Franz Ferdinand
Tonight: Franz Ferdinand

3.5 of 5 Stars

Buying single tracks for only 99 cents on iTunes is a temptation that gets the best of us all from time to time, but Tonight: Franz Ferdinand is a shining example of an album best listened to from start to finish. As a whole, it paints a picture of love lost, loss remorsed, revenge relished and love re-discovered, carving out a complete thematic circle. The songs aren’t as singular as past material like “Take Me Out” or “Do You Want To,” and the album takes Franz in a fresh direction, updating their familiar pulse of sonic energy with a coolly sinister edge.

Leadoff single and album-opener “Ulysses” introduces the decadently gritty sound that prevails throughout the disc. Its heavy beat and minor chords mix with Alex Kapranos’s vocals — a blend of arrogance, aggression and cool — as he snarls lyrics like, “So sinister but last night was wild.” Guttural “ha ha ha”-packed choruses create a perfect barroom ambiance. The song is straight from a ’90s neo-noir movie, evoking images of mysterious and tortured characters in smoky, impious bars slamming down beverages resembling gasoline.

“Send Him Away” grooves with Stevie Wonder-esque keyboard vamps and pulses with not-so-subtle sexual undertones. “Live Alone” keeps the energy high with icy, computerized ornamentation that comes off as more Talking Heads than “Mario Kart.” But the lyrics are a bit of a buzz-kill as Kapranos whines, “Wherever you are / you know that I’ll be here wishing I could be there.” At this point in the movie, cool boy is sitting at the bar wallowing in lovesick sorrow.

The mushy solemnity doesn’t last long. By “Bite Hard,” the denial phase is but a lingering memory and Tonight’s hero is out for revenge. A balladic beginning gives way to resolute drum kicks that beg the listener to find someone to get angry with. And what better way to follow the vengeful pump-up song than spiteful I’m-better-off-without-you anthem “What She Came For?” The venting session warns of a man-eating, hard-ass chick that’s out for blood, culminating in a mosh pit-inducing finale of manic drums, cymbal crashes and power chords.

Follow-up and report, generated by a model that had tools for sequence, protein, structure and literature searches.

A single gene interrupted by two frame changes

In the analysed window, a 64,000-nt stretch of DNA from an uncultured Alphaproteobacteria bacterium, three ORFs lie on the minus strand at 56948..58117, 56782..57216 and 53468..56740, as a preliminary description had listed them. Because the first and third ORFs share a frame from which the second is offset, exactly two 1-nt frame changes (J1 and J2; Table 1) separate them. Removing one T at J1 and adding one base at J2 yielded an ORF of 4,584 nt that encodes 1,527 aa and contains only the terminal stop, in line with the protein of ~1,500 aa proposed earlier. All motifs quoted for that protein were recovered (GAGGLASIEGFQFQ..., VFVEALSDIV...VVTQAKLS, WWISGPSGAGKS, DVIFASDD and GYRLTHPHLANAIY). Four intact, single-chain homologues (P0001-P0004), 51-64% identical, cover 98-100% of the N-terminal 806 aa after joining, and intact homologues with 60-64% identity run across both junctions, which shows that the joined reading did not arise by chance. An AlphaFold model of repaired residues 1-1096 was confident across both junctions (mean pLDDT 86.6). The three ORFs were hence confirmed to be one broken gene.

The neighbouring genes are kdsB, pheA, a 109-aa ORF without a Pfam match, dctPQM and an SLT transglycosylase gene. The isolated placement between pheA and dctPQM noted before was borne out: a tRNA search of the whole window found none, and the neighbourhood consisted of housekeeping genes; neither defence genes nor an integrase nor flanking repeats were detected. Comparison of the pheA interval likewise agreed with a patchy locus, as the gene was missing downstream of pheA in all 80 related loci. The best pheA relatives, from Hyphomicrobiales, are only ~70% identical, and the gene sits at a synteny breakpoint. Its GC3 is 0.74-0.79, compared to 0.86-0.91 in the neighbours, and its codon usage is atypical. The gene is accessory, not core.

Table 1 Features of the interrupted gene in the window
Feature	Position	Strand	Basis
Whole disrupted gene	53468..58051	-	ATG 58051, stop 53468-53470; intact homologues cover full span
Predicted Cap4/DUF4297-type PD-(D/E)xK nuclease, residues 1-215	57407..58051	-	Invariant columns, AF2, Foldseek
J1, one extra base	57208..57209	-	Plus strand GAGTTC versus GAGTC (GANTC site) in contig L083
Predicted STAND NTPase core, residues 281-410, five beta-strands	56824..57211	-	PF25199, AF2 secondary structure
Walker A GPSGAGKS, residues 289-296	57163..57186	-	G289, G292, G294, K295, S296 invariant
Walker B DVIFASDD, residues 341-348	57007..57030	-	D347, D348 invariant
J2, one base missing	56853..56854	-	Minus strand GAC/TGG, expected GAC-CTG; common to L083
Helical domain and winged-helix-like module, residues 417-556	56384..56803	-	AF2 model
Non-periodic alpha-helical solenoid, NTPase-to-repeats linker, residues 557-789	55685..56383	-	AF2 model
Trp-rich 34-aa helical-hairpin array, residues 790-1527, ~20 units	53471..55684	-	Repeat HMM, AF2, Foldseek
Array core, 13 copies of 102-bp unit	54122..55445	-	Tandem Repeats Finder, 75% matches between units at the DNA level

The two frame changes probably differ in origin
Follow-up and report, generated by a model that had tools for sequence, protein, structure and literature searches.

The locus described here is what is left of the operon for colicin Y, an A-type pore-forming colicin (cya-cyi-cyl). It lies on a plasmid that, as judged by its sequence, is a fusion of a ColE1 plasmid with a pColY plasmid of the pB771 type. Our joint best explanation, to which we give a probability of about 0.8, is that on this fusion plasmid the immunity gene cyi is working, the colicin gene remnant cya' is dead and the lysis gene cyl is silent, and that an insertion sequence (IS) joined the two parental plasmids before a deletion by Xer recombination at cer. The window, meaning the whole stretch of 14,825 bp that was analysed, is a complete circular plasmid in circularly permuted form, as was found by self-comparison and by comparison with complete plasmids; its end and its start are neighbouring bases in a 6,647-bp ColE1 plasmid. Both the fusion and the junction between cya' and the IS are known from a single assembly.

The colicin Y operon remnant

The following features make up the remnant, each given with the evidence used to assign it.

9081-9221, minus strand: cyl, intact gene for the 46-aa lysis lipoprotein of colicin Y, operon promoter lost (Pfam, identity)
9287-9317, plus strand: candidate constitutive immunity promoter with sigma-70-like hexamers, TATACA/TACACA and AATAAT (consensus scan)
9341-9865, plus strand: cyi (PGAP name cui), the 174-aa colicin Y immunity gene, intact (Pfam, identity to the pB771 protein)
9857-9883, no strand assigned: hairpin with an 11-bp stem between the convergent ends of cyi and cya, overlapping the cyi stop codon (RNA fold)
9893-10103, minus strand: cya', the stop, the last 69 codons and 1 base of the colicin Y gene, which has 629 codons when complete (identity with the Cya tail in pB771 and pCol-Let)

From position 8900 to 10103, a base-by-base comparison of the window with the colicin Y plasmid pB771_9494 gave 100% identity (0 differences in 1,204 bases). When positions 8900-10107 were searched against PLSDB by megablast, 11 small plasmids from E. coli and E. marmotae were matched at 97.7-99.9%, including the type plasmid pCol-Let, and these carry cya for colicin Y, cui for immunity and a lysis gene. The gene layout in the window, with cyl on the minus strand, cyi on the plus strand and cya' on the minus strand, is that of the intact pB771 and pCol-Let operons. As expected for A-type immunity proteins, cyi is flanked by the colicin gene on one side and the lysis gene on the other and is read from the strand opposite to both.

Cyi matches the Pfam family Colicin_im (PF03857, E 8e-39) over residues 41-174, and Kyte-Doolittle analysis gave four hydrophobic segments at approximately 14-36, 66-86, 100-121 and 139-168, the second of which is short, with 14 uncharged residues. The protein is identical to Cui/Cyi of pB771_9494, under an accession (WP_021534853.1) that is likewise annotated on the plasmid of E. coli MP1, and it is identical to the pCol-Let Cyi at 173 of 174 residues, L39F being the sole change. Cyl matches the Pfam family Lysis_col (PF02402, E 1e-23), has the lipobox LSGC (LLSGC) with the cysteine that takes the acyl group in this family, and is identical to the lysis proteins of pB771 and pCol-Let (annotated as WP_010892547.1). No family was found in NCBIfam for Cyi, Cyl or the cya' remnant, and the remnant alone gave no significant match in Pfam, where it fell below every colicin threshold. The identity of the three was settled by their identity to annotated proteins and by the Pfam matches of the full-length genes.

“Lucid Dreams” lowers the intensity level, numbing the anger with a quality “trip-out” session and doing away with Kapranos’s usual clipped and cool vocal style for a more legato feel. The eight-minute acid trip peaks with an instrumental break at the five-minute mark. A raw vibe oozes from the entire track, perpetuated by abrasive distortion.

The seductively sinister album winds down to a chill and dreamy end with the last two tracks, “Dream Again” and “Katherine Kiss Me.” The closers document the ride home after a well-rounded night of liquor and heartache. “Dream Again” rocks gently, echoing in and out of focus like the blurred lights on a dark, wet New York City street. The haunting tune with a hopeful message leads seamlessly into the stripped-down love song “Katherine Kiss Me.” It features a much more personal Franz Ferdinand than ever before. The simple, honest combo of acoustic guitar, occasional piano and vocals presents a crack in the armor of cool that most Franz material shrouds itself in.

Tonight gives you the feeling that the Brit boys of Franz Ferdinand are way cooler than you are. To put it simply, they definitely wouldn’t sit with just anybody in the dining hall. In fact, they probably wouldn’t be there at all, opting instead to slink in an anonymous doorway, smoking cigarettes with faces that read clearly, “you wouldn’t understand.”

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